After such an ebullient start, Sri Lanka have somehow pushed themselves to the very brink of this tournament, with a little help from England and New Zealand. Their 38-run loss today to New Zealand to end their group phase now means their fate is in the hands of others; having kick-started the Champions Trophy with a wonderful opening-day win against the hosts South Africa, it is a fate not many expected to befall them. Little about this tournament has been easy to predict.
Sri Lanka gave the game away in many areas today. Having dropped Muttiah Muralitharan and brought in Thilan Thushara, their new-ball pair began poorly. After getting back into it at 161 for 5, again the bowlers threw it away, though Kumar Sangakkara directed his gaze elsewhere.
Though widely considered the best fielding side in Asia, Sangakkara thought his men were "appalling" in the field and have not been much better over the last few months. "A real minus is our fielding. It has been sometimes appalling and not up to international standard. So we've got a lot of work to do to compete. That will be a real bugbear in the next tournaments. Individuals must take responsibility. The real difference between the sides will be fielding," said Sangakkara.
In hindsight there will be other concerns. Sri Lanka's pace bowling - which was to be their trump card - was unable to adjust to conditions in South Africa and their start and finish to New Zealand's innings was poor. Nuwan Kulasekera and Thushara, so lethal in home conditions, have failed to translate that form here.
"It probably has to do with the lengths we have to bowl here," Sangakkara said. "We have played a lot of cricket at home where lengths are different. Here we have to go back to basics and see, especially with our fast bowling, where the right lengths are and also how to hit them with aggression. Unfortunately most of our bowlers aren't the tallest but at the same time they are quality bowlers. We have to adapt."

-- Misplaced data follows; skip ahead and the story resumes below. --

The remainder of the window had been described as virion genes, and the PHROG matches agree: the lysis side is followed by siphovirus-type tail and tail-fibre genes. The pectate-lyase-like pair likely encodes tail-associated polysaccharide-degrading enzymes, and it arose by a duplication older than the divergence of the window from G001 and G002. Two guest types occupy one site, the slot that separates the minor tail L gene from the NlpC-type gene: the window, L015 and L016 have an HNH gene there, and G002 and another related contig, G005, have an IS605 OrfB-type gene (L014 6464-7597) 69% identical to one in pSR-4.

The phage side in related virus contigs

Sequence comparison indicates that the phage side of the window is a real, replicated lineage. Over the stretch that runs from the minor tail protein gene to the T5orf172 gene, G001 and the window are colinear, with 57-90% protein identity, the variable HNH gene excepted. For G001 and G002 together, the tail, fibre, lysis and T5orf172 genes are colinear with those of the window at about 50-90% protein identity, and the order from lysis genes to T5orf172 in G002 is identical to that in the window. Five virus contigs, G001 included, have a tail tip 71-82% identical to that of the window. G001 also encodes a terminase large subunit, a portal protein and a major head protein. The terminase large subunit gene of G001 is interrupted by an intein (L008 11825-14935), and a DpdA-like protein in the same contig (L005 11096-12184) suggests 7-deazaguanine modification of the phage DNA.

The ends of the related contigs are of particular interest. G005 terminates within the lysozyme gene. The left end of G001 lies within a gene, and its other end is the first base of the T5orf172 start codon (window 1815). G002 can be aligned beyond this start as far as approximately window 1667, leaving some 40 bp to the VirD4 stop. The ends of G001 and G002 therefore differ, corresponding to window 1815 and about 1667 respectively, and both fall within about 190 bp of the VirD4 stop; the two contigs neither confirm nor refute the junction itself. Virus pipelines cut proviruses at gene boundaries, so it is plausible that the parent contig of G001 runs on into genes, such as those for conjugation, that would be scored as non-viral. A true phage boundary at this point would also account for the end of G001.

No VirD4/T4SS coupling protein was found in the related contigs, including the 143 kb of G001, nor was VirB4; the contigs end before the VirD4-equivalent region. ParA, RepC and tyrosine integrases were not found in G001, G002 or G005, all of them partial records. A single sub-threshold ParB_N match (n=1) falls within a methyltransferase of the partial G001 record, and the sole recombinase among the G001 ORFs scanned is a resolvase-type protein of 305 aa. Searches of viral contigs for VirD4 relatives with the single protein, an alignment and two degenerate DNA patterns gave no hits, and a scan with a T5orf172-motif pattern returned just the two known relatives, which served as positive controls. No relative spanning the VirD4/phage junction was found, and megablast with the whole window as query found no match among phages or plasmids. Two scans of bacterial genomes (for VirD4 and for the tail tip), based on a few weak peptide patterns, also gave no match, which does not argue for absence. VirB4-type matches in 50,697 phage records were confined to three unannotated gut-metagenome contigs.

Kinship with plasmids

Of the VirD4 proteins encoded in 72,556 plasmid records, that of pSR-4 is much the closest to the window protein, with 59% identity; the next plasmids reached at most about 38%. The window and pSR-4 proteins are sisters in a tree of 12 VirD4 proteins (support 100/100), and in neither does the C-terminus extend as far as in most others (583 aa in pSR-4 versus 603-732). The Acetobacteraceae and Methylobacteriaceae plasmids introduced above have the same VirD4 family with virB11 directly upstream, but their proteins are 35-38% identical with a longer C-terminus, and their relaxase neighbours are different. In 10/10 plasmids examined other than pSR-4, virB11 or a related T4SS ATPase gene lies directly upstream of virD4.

Chief among the strugglers was Lasith Malinga, who went for 85 runs in his ten overs and whose poor mid-innings spell allowed New Zealand to bring themselves back in the game, from 161 for 5. "The skiddy length he bowls in the subcontinent, the ball doesn't skid here, it holds up. This was not a quick track, it's got carry but it has tennis ball bounce. We need to hit the deck rather than just run in and drop it on the spot."
Sri Lanka's batsmen also gave away starts, none more so than the opening pair, who kept them up with the rate initially. By that time the wicket wasn't so difficult to bat on, as Mahela Jayawardene and Kulasekara's first fifty proved, and certainly lacked the assistance that had prompted Sangakkara to bowl first. But ultimately there weren't enough partnerships all of which requires Sri Lanka to wait on other results and hope to improve all three aspects of their game.
"Mathematics can be peculiar," said Sangakkara. "If England win all games with healthy margins we've probably got an outside chance to come in. But it's not nice to wait to see which side loses and depend on run-rates. We should've put it away today and we didn't. We got outplayed. All three departments we have a lot of brushing up to do. We had lots of individual performances but as a team we need to brush up."